In Pursuit of Recovery, Become a More Fearless Giver

Generosity can feel like a difficult concept to get your head around in recovery. It might feel like you are giving all you got to your recovery and your job, life, as well as relationship. Being a fearless giver is not about giving everything you have but applying some boundaries around your giving while still being generous to help those around you.

Why Generosity Matters

Generosity is important in recovery because giving to others more than looking to receive something can help you move beyond self-centeredness into the all-important area of growth that comes from caring for others. It takes some doing to improve the ability to be generous towards others. Even if you feel ill-equipped to sustain it during sobriety, you can maintain it with practice. With a few kind words, a helping hand, or generous offering to those who are struggling in recovery, you can slowly build your capacity to be more generous.

Helping Others Up

When someone new in recovery is struggling through doubts and confusion, the best we can offer is our support and understanding. We may have to hold the same for ourselves but that is what generosity is about. Holding space for ourselves while supporting others in the challenges. All it takes is a willingness to do something good for others that takes us outside ourselves for a moment. Start with a smile, a welcoming handshake. Offer yourself to others in a way that lets them know you care. Everything else can flow from this beginning.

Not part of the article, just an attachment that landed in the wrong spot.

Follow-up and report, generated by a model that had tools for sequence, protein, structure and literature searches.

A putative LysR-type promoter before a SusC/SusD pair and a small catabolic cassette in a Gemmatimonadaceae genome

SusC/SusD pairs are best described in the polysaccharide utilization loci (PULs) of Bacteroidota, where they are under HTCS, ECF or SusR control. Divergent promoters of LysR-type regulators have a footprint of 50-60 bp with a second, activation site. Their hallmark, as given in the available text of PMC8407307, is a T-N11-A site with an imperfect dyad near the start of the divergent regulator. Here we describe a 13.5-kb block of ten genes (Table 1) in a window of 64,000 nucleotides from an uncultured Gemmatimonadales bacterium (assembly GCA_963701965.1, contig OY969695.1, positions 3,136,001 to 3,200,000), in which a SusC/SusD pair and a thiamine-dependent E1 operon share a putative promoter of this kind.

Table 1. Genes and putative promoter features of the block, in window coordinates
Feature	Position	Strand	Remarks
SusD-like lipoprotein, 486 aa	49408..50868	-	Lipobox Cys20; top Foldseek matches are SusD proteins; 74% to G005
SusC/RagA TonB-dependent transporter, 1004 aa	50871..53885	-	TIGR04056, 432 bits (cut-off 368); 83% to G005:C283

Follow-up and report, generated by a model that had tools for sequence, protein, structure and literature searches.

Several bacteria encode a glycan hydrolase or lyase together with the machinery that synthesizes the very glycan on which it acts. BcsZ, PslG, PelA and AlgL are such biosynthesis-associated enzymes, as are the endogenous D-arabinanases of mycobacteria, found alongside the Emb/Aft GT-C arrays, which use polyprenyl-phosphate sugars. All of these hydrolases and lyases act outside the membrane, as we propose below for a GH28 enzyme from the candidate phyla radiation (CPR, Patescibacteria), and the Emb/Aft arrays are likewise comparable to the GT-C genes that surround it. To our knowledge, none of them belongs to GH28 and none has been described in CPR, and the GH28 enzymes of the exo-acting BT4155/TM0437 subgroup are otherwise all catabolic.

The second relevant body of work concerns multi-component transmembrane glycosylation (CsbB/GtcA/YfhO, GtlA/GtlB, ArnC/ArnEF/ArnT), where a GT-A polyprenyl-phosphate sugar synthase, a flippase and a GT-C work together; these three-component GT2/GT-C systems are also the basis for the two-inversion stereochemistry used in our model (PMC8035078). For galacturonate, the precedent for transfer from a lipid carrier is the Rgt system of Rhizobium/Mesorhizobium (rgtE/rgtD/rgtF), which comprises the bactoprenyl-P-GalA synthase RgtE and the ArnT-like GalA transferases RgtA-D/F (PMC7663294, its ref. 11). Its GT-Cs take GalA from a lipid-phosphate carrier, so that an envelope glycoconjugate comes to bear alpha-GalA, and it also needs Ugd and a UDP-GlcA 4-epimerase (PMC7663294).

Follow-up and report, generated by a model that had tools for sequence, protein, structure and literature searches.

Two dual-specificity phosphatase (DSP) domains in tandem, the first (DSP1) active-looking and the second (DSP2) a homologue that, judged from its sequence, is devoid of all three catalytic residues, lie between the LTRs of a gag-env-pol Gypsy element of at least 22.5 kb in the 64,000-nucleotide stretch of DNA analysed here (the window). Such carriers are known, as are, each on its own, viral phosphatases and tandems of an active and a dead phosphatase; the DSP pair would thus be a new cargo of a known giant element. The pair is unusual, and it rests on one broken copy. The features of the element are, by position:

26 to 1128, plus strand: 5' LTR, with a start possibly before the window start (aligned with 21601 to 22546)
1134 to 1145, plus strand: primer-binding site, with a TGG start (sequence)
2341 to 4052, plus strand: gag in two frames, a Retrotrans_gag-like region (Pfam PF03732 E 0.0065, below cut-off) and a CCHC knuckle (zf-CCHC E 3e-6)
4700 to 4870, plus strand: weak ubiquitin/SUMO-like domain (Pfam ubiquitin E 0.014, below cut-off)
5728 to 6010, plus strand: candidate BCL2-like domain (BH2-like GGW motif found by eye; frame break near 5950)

Knowing your boundaries will help you keep from overshooting the generosity bit. If you start giving more than you should, you might not feel truly generous. Once you examine your motives for what you’re doing, you might start to look for recognition or praise that you are helping each other out. Work from the premise that generosity comes from a place of not expecting anything in return. The best way to improve on your capacity for generosity is to begin to be generous little bits at a time:

  • Practice with family, friends, and close loved ones
  • Offer your time in the community to a cause you like on an infrequent basis to start
  • Try different things to see what works
  • Make it a daily habit to find one person each day you can offer something kind towards
  • Never underestimate the power of your words, deeds, or actions for someone who is struggling

Generosity starts with the heart. Being a generous giver is about letting go of expectations you will get anything in return for being kind or nice to someone else. At Sound Recovery, we help you build the capacity for self generosity that can extend to being kind to others. We are here to guide you through the steps to recovery. If you are struggling with addiction, let us help. Call us at 561-277-3088 to get started.

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